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John talked about the fairly new idea in Egyptology of pleats in ancient garments representing wings. However, Daniel put up some modern images, that clearly demonstrated the winged motif recreating itself in modern design (RHS).

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I blame Rufius for our objects of desire being a selection of ancient phalloi. Wilfully phallocentric as ever, Rufius chose a ludicrously outsized phallus (collection mark UC33601) from 4th century Alexandria. Made from terracotta (Nile silt), it is a solid model of a procession carrying a large phallus arising from what may be its seated owner at the rear (in a Bes head-dress); two Bes figures face forward at the front beneath the head of the penis, two robed priests in the centre and two at the rear. There is red and white coating in patches on the surface, so it was likely painted.

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Some of the smaller Phalli may very well have come from Rufius toybox. The Ancient Roman world was awash with phalli. I remember that on my research trip to Pompeii, I was struck by the familiarity of the Roman town with its stadium, gymnasium, and theatre, but the images of phalli etched into walls on almost every street corner were utterly foreign. Naples Museum has a room dedicated to phalli of all shapes and sizes, hidden away for many years when they were thought too obscene for the eyes of the impressionable public. Although these Alexandrian phalli may well have come from Rufius’ toybox, scholars do not know for certain their ancient function. Ancient dildo? Or something more lofty, and spiritual? Being a devotee of Bacchus, no doubt Rufius would have favoured a hedonistic function.

frankie howardrufius cartoonrufiusAgora_Carry on Cleo inspiration

 

 

 

 

 

 

 

The playful John J Johnston flashed some images of the filmset reconstruction of the Alexandrian Agora which inspired the set of Carry on Cleo, and Frankie Howard in 70s TV series Up Pompeii, as an introduction to talk about Rufius’ representation as a cinaedus. John was concerned I might take offence, but very much to the contrary, I confirmed that I had all those 70s drama queens in mind (including Kenneth Williams) when I wrote Rufius. I imagine Rufius’ voice sounding as Stephen Fry might do if he did an impression of Kenneth Williams, but with a lisp (cinaedi lisped).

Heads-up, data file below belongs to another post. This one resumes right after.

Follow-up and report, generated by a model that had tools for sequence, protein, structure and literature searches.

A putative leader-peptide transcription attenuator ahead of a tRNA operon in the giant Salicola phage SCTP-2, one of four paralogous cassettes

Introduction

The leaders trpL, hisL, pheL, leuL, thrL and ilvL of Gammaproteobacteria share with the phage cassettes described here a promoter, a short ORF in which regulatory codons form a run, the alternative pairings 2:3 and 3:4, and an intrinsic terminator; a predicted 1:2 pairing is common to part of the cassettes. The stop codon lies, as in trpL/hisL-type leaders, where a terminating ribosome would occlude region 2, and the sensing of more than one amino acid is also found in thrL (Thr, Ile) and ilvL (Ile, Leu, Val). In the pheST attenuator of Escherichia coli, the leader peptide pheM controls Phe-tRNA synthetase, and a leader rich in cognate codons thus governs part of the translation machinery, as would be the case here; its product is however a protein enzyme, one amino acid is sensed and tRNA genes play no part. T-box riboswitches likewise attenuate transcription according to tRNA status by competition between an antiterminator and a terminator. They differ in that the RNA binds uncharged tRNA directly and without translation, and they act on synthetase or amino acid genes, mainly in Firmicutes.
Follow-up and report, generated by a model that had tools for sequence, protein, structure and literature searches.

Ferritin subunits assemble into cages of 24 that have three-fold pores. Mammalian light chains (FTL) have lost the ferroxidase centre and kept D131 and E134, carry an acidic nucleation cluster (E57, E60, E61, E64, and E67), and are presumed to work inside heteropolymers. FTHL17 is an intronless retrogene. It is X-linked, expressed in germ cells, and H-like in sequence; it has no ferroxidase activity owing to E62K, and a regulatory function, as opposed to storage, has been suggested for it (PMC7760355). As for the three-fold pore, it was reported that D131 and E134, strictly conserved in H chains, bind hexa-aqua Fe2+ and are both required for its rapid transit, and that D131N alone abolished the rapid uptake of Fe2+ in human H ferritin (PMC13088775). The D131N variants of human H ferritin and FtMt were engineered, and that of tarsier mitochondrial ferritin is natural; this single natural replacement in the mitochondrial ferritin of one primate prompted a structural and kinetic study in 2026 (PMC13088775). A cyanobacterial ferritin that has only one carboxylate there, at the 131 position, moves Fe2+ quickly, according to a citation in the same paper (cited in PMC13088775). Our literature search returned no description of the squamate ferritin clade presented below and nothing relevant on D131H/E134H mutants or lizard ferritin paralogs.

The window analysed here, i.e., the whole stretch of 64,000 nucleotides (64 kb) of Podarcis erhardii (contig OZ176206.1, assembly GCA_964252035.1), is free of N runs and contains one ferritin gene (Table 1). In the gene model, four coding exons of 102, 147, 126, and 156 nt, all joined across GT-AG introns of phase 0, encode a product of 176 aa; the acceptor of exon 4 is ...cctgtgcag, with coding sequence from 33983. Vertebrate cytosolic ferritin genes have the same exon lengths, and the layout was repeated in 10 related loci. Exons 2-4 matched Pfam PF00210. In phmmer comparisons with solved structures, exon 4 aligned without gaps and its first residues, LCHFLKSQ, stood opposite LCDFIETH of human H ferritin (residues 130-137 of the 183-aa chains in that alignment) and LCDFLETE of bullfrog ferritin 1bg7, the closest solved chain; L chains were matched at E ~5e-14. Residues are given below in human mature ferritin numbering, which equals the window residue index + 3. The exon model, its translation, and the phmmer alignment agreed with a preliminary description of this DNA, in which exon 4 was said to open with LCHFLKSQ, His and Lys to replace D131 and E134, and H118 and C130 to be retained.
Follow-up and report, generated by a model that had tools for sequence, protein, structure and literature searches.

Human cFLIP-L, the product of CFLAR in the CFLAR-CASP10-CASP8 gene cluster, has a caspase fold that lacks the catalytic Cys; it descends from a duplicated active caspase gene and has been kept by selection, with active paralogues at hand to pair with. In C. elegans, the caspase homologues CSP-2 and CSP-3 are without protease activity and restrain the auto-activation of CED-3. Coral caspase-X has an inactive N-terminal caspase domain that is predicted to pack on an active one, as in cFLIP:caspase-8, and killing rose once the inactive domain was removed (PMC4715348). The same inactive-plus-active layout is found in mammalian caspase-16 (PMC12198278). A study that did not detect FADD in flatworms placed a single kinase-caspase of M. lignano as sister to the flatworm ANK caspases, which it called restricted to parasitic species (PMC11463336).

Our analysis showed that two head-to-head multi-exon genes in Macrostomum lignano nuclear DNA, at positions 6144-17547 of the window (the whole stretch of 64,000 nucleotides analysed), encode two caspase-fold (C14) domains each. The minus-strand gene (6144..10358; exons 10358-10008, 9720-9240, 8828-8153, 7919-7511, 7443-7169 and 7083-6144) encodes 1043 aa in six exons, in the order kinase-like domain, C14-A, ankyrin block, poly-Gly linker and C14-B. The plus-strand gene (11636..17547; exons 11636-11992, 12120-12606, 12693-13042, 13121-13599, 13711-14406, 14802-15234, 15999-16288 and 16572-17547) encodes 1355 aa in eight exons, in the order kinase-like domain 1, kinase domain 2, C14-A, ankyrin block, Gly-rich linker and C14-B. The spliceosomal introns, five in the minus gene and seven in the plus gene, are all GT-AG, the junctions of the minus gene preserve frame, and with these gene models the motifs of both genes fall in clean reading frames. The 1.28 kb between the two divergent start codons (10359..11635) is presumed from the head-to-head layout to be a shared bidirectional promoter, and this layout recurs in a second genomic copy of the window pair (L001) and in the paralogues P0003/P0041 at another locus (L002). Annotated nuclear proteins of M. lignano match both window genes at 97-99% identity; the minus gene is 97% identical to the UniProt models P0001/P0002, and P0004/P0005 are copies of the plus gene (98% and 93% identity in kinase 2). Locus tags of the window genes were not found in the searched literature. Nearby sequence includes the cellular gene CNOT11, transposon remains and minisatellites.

John, an expert in Ancient sexuality made the point that many depictions of cinaedi in the primary literature were not only ridiculed figures, but that their only lot in life was thought to have been of lowly status, including the role of prostitute. Those roles are certainly present in the literature, but I noted that we also have the likes of Julius Caesar described in Suetonius’ Lives of the Caesars as being accused of being a cinaedus and dressing effeminately, which interested me. Julius Caesar, for all the jibes about being a cinaedus was the emperor after all. A cinaedus, if he admitted to it as Rufius does, could not enter the Senate and wear the thick stripes of a senator on his toga, but what if he were born into money and was the sole inheritor of a fortune? The Ancient Romans were materialists, money talked, and so with the construction of Rufius’ character, I played with that possibility of him as a financially independent cinaedus, with many of the freedoms that money would have brought in Ancient Roman society.